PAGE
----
MEMBERS of Parliament on Tuesday renewed pressure on Home Affairs minister Kazembe Kazembe to give an official update in the august House on the findings of investigations into the disappearance of a fierce critic of the Robert Mugabe administration, Itai Dzamara.
He was last seen on 15 March 2015 when he was bundled into an unmarked vehicle by suspected state security agents who had dragged him from a barber shop in Harare.
Before that, Dzamara had been a thorn in the flesh of Mugabe’s government through his famous “Occupy Africa Unity Square” demonstrations that demanded the resignation of the long-time ruler.
He had also been arrested and tortured several times for resisting the Mugabe regime. On Tuesday this week, Kambuzuma MP Willias Madzimure and Norton legislator Themba Mliswa reiterated that Kazembe must bring a ministerial statement on Dzamara so that his family and the entire nation can know what became of investigations into his disappearance.
Said MP Madzimure: “Every Zimbabwean national has a democratic right to be protected by the law to move freely around the country. On the 15th March, 2015, a certain man who was a reporter and used to write, Itai Dzamara, was taken by unknown people and this issue was taken up to government structures and government communicated that they were investigating the disappearance.”
“The Honourable minister (Kazembe) came to this august House and promised the House that investigations were in progress, so they ascertain his whereabouts, but until now there is no feedback to the august House.”
“The Dzamara family is still in pain because in our traditions, there are things that should be done when a person is lost or that person is dead because the issue is still within the hands of the police and the government.” Madzimure added that the Dzamara family needed closure on the matter.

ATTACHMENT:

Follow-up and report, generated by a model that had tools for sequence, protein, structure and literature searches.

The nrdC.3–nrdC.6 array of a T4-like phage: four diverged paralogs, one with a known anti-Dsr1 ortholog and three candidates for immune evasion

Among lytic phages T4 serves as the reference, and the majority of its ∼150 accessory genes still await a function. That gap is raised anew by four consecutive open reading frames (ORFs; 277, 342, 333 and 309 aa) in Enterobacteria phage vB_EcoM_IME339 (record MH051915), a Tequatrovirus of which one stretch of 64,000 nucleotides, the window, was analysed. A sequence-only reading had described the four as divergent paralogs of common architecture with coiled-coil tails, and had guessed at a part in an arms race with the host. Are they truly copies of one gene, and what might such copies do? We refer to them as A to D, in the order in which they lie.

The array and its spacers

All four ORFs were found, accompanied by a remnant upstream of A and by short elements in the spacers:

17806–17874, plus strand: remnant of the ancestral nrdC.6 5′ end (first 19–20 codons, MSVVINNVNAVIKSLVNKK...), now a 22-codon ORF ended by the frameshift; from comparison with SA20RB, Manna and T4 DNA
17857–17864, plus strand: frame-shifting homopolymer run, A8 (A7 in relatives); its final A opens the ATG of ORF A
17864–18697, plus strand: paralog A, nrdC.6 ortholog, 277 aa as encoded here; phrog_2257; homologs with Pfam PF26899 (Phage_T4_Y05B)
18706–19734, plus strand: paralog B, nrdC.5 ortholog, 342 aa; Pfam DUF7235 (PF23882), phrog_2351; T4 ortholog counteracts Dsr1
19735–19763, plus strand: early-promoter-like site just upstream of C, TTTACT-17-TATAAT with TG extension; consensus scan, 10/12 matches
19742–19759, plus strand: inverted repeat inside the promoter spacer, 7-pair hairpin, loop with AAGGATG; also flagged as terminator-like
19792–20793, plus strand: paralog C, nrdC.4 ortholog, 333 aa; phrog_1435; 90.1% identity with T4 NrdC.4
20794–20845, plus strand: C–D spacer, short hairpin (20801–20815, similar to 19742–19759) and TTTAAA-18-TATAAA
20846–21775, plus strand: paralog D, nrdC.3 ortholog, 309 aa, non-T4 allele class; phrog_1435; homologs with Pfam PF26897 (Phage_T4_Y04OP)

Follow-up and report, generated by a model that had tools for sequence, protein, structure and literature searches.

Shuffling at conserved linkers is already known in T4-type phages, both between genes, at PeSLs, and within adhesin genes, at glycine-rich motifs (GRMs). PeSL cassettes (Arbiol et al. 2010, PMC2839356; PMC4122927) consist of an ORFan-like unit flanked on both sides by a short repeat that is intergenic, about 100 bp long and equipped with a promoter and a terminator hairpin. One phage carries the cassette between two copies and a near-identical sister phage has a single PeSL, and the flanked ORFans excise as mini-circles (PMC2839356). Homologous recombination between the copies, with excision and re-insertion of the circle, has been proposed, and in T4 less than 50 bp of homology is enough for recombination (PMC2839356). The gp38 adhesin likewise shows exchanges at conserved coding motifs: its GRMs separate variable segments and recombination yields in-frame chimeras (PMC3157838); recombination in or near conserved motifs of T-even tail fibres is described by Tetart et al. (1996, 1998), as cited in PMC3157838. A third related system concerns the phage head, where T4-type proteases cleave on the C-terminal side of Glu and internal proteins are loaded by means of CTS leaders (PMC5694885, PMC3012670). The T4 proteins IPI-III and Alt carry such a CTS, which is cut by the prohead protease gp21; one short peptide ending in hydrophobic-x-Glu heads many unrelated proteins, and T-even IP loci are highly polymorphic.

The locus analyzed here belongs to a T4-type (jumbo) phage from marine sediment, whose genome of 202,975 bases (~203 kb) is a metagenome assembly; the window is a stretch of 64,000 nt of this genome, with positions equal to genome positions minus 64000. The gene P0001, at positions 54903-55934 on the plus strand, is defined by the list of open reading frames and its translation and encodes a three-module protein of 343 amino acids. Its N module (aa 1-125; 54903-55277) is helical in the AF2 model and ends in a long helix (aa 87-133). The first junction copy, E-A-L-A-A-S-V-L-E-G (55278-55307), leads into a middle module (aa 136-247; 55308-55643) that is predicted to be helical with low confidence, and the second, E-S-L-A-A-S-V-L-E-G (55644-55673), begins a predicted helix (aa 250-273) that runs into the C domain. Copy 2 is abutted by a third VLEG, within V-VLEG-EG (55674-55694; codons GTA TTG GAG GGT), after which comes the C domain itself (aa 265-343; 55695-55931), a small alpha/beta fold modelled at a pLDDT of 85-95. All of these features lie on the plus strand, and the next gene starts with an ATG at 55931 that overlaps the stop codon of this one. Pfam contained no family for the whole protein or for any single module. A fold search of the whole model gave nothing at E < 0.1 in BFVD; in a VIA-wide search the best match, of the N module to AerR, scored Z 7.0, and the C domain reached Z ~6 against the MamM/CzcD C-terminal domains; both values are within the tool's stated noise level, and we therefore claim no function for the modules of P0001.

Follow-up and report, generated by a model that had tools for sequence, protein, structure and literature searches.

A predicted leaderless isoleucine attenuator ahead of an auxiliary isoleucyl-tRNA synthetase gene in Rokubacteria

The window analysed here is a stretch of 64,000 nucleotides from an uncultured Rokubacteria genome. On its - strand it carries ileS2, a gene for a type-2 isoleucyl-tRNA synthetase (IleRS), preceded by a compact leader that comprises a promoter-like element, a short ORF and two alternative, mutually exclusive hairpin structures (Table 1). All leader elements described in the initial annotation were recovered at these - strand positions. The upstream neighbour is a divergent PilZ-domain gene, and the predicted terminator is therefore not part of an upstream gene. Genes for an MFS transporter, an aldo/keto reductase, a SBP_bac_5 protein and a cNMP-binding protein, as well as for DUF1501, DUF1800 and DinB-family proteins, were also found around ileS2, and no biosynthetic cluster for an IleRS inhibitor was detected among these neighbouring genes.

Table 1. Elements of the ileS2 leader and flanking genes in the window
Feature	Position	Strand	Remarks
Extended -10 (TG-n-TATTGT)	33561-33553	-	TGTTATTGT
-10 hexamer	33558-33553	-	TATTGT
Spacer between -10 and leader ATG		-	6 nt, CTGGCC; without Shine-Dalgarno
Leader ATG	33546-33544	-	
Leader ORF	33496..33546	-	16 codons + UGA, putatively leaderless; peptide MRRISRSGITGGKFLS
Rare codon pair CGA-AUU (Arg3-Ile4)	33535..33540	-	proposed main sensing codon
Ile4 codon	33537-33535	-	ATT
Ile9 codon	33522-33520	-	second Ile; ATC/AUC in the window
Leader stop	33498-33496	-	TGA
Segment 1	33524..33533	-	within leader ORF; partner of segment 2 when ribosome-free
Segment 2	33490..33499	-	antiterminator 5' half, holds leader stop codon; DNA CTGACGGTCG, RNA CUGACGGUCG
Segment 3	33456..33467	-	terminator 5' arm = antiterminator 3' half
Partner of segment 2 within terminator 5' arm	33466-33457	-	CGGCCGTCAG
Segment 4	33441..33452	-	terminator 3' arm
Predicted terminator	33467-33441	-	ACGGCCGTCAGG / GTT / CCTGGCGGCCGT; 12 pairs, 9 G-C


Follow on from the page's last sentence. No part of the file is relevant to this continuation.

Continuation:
“The family does not have closure regarding their child and for them to have closure there must be communication as to whether Itai Dzamara disappeared for good or what happened. So, like what the minister of Home Affairs promised, there must be an explanation regarding the investigations.”
“There must be a statement to this august House to communicate to the nation and the Dzamara family that Dzamara is dead so that when his children need birth certificates and assistance, the family should seek assistance knowing that the investigations were completed,” he said.
Independent MP Mliswa pointed out that there was actually a court order that directed minister Kazembe to update the nation from time to time on investigations into Dzamara’s disappearance.
“So it is really in compliance with the court order. The minister has not been able to comply with the court order because this is a matter of national interest which went before the courts. The minister has got to comply with the court order. It is not a matter of even asking him to do us a favour, but he is complying with the laws of the country.”
“So, maybe if he needs to be reminded about it that there is a court order to that, I think he would also realise that he cannot be seen to be in contempt. It is a very serious issue…” Kazembe was not in the House when the issues were being raised, but deputy Speaker Gezi promised that she will take action to ensure that Kazembe updates the nation on Dzamara’s case.
During the Mugabe era, the opposition, from the time of the late MDC icon Morgan Tsvangirai, complained that its supporters faced similar disappearances as happened to Dzamara.
When President Emmerson Mnangagwa succeeded Mugabe, the cases continued to be reported, with the most popular being the abduction of legislator Joana Mamombe and her opposition party colleagues.
Amalgamated Rural Teachers’ Union of Zimbabwe president Obert Masaraure also disappeared after being abducted by state security agents who severely tortured him before dumping him at the Harare Central police station.